How to Decide If a Spa Should Convey With Property for Sale

Deborah K. Vick

In a difficult real estate market, those attempting to sell their homes need to use every advantage they can to help it move faster. One question many hot tub or spa owners have is whether they should let the hot tub convey with the property. After weighing the options, many home sellers come to the conclusion that it is easier to leave their spa behind. There are several reasons why. These are just a few.

A hot tub raises the property value. When it is properly installed and ready to go, it is considered a luxurious and sophisticated addition to a home. It is a positive selling point, and can be the boost a home seller needs to make the property more appealing than the competition’s home. Most people think it is harder to purchase and install a spa than it really is, so having it ready to go is an advantage for a potential sale over buying a home with a concrete spa pad or empty area to fill. In today’s real estate market, homes that sell faster are those in move-in condition. A spa that is already assembled, installed and in working order fits the bill.

It could be time for an upgrade. Selling the old spa with the property means a new spa is in order with the new home. This gives the owner a chance to buy a newer, nicer model that may have some extra bells and whistles included that were not available when the existing model was manufactured. Many modern hot tubs use more sophisticated hot tub filters, which means they do not need to be changed as often and the water is even cleaner than before. Newer hot tub equipment makes maintenance easier than it used to be, leaving the new spa owner more time for relaxing in it.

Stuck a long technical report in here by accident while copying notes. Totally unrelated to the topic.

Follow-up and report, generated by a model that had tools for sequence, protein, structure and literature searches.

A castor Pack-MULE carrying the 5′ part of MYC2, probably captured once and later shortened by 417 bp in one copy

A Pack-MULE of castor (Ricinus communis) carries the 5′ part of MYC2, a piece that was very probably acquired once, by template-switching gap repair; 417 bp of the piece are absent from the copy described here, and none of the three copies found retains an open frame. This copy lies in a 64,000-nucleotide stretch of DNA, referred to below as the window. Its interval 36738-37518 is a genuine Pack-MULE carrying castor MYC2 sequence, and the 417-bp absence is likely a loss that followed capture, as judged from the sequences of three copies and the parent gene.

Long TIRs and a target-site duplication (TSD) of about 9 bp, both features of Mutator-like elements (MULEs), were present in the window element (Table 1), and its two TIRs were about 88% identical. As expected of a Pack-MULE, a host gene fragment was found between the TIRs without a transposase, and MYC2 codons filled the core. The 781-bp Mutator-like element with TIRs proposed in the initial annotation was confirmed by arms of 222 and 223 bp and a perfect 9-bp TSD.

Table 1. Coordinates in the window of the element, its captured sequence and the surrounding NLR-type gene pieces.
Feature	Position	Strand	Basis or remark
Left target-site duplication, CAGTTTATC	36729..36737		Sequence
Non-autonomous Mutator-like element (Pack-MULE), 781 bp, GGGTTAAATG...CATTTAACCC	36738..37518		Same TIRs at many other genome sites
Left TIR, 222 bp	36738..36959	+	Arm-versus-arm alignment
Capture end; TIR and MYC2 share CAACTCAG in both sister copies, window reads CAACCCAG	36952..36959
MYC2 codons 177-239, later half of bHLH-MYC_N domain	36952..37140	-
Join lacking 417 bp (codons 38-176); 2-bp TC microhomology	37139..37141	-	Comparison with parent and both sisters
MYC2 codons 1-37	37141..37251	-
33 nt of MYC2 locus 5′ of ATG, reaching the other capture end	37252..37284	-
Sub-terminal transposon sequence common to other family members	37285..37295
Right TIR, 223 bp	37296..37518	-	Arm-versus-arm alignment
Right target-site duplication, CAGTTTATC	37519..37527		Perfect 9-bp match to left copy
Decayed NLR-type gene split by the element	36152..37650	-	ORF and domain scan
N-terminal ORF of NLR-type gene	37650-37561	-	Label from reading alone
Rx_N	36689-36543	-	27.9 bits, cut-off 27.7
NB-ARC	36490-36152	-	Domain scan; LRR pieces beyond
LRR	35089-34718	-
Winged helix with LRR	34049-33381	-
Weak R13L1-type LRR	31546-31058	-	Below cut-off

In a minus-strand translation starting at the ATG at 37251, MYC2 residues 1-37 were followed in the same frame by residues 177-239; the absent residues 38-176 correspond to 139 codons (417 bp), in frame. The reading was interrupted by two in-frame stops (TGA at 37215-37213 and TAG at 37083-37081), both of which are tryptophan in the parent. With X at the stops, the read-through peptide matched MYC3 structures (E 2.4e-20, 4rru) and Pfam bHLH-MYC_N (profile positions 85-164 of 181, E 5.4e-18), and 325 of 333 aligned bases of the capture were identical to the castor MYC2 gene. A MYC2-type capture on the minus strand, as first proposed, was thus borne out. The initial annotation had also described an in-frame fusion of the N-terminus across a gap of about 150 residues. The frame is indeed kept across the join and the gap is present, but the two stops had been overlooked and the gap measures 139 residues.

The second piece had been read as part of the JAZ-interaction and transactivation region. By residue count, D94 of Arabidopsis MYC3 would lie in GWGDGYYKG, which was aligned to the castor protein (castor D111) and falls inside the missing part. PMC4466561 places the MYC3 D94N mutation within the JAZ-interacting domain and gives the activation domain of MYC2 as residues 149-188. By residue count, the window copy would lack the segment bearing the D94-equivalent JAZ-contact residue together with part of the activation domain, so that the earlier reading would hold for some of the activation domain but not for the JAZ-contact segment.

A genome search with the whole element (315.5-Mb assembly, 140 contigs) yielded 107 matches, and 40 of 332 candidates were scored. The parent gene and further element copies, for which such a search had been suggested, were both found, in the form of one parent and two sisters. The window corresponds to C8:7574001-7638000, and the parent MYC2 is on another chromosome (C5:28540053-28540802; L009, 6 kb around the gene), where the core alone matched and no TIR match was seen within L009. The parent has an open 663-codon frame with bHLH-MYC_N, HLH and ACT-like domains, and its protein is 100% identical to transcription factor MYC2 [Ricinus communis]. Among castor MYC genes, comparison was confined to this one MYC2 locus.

Another reason a home seller might wish to convey the appliance with the home is because it is easier to leave it than to take it along. For example, the destination house for the seller may be far away. Rather than attempting to safely transport it or paying extra costs for shipping, it may simply be easier to buy a new one upon arrival in the new location. Another issue may be whether there is enough room in the new home for a hot tub, or whether it already has one.

On the other hand, the seller may not wish to part with the hot tub. People do grow attached to things that are familiar and easy to use. It could be the ideal model, and might be difficult for the homeowner to part with along with everything else.

One downside to letting the spa convey with the rest of the property may lie with the potential homebuyers. They may be unable to afford the added value to the property for sale or may want to haggle over the price. One way to remedy this issue is to simply increase the property value before listing the home, making the spa part of the property before it ever comes into question.

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